Nkasa gets it wrong

Good people, a good dancer knows when to bow out. They leave the stage while the applause lasts.

This seems to be the art one-time bestseller Phungu Joseph Nkasa has not mastered yet.

The musician, who has dumped his enriching singing in pursuit of songs that praise some political demigods with money to splash for a song, knows all the adages under the sun but one of those that were supposed to teach him to know what he was supposed to do the day he outlived his welcome.

“It is always important to know when something has reached its end,” writes Alchemist novelist Paulo Coelho. “Closing circles, shutting doors, finishing chapters; it doesn’t matter what we call it. What matters is to leave in the past those moments in life that are over.”

The Nkasa Malawians once loved with all their hearts, minds and souls is no more.

Apparently, he was last seen the day the musician, who shot to fame with Mtima Mmalo, Njala and other hits, accepted to veer off the all uniting path to the point of churning out Mose Walero, the divisive hit in praise of then president Bingu wa Mutharika.

Afterwards, he has sang praise of Bingu’s successor Joyce Banda as well as  Joshua for her successor Peter Mutharika.

Now, the musician, who seems to have found a niche in political tunes, is back on song. This time, he has weighed into the spat between people who want the incumbent to leave the throne to youthful Vice-President Saulos Chilima and those who think the president still has some steam to seek a re-election.

Absalom seems to be the lowest ebb for Nkasa. It divides opinions as much as it shows the artist cannot just keep quiet when there is politically transmitted money to be had.

On any day, Nkasa will never cease impressing listeners with his calculated adages and measured allusion to biblical tales.

But on Absalom he goes off-side when it comes to the imagery which forms the core of the song likely to be loved by pro-Mutharika supporters of the governing Democratic Progressive Party.

Forget the fact that Nkasa sings his loudest to relegate Chilima to a laughingstock even though the Vice-President has kept mum since the start of the battle for supremacy catalysed by former first lady Callista Mutharika’s assertion that his in law is too old to keep ruling.

Nkasa, in his wildest if not most spoilt imagination, likens Chilima to Absalom.

This is where he gets it wrong, very wrong.

The parallels he draws throughout the song fall flat when one remembers that Absalom actually told his famous father, David, point blank that he wanted to take over and he was even willing to do so by the sword.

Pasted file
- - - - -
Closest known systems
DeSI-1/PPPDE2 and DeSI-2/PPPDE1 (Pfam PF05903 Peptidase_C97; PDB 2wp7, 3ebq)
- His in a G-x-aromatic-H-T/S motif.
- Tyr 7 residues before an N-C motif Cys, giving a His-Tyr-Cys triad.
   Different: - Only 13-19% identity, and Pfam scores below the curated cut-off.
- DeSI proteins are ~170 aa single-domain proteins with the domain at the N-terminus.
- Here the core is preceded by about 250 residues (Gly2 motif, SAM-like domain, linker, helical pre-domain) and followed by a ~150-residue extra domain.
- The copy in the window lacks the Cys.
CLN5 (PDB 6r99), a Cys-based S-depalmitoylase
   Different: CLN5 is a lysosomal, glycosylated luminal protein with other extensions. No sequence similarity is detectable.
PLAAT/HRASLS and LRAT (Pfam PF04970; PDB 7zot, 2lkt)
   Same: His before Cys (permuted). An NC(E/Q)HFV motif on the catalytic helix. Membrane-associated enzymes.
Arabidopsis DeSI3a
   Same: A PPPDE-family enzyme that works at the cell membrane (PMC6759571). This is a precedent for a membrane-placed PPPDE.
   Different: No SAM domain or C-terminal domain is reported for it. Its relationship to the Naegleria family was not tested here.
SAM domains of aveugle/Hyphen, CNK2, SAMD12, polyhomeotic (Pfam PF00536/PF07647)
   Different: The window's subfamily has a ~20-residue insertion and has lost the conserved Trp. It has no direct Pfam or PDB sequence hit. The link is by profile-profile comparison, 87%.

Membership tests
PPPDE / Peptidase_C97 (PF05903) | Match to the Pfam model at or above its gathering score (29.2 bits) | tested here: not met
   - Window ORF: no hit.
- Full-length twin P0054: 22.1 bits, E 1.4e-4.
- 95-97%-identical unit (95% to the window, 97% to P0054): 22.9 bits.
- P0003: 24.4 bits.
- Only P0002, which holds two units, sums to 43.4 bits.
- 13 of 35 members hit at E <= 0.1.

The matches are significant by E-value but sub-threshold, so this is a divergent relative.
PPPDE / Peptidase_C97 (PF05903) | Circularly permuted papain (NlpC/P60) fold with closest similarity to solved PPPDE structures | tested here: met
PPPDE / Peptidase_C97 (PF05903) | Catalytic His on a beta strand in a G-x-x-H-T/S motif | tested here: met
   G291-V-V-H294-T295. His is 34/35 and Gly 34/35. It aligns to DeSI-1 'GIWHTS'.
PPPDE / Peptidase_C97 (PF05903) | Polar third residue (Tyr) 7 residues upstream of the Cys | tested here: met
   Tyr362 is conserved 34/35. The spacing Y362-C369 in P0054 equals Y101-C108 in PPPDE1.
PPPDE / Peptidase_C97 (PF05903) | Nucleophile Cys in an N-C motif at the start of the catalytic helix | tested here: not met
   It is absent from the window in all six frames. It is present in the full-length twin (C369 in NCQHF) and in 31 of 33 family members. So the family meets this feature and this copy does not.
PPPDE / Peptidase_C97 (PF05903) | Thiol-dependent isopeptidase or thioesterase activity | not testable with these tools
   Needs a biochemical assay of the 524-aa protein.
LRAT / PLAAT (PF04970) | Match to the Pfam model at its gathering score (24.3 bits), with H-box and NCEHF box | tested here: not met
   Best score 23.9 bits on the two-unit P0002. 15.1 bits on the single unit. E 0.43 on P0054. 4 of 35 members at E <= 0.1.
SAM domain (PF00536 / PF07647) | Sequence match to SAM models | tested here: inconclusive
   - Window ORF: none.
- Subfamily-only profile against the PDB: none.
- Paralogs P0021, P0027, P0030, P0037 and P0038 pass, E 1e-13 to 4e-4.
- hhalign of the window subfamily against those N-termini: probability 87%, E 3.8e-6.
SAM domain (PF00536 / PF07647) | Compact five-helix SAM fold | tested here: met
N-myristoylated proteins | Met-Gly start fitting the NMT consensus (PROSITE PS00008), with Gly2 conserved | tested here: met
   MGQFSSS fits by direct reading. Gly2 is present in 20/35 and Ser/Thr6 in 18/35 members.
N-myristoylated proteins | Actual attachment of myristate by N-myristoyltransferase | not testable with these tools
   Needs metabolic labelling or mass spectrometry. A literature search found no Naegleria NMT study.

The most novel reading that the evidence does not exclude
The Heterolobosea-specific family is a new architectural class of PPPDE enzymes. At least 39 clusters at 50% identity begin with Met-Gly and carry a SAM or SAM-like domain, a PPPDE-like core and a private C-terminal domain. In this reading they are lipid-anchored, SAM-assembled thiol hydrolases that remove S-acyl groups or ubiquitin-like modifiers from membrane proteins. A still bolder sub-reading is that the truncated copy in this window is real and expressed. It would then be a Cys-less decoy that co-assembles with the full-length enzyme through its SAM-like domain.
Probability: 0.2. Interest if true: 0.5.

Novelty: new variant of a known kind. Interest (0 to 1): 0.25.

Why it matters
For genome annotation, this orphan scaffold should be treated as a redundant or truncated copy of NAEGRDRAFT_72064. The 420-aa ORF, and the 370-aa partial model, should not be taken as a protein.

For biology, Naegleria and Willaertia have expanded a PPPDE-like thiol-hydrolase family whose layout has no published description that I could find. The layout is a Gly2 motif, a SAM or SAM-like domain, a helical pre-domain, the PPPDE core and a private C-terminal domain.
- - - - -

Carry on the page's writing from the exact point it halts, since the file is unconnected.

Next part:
Chilima is not Peter Mutharika’s son.  No. The only children said to have been sired by the President, whose age has been in questions since he fell to the ground while planting a tree two years ago, are some two young women who flew in and out in a wink shortly after he had narrowly won the presidency in 2014.

Even as he does not carry any Mutharika’s blood in his veins, Chilima has not said anything about all the buzz about his suitability for the presidency which has divided DPP into loyalists and rebels.

He has remained silent like a dove yet to learn a morning song.

How such a quiet character can be likened to Absalom—who was not only determined to fight for the position he coveted but also went to war with his dad’s army to assert his do-or-die wish—baffles anyone who has read the rise and fall of David in the Bible.

One can only hope that Nkasa is subtly prophesying that Chilima will die in the middle of some battle for power as did poor Absalom.

Nkasa sings too much. He can sing wisely as was the case before his vocal chords were soaked by whatever political cakes he derives from singing praise songs.

If I were to advise Nkasa, I would quote Paulo Coelho again.

“Close some doors today. Not because of pride, incapacity or arrogance, but simply because they lead you nowhere,” urges the Brazilian writer whose books have been translated into different languages.

Nkasa belongs to the stars, but he  has slumped to the lowest ebb from where everything that wells up leaves listeners, especially his fans, asking themselves: “Shall our Nkasa live by singing praise of politicians alone?”. n

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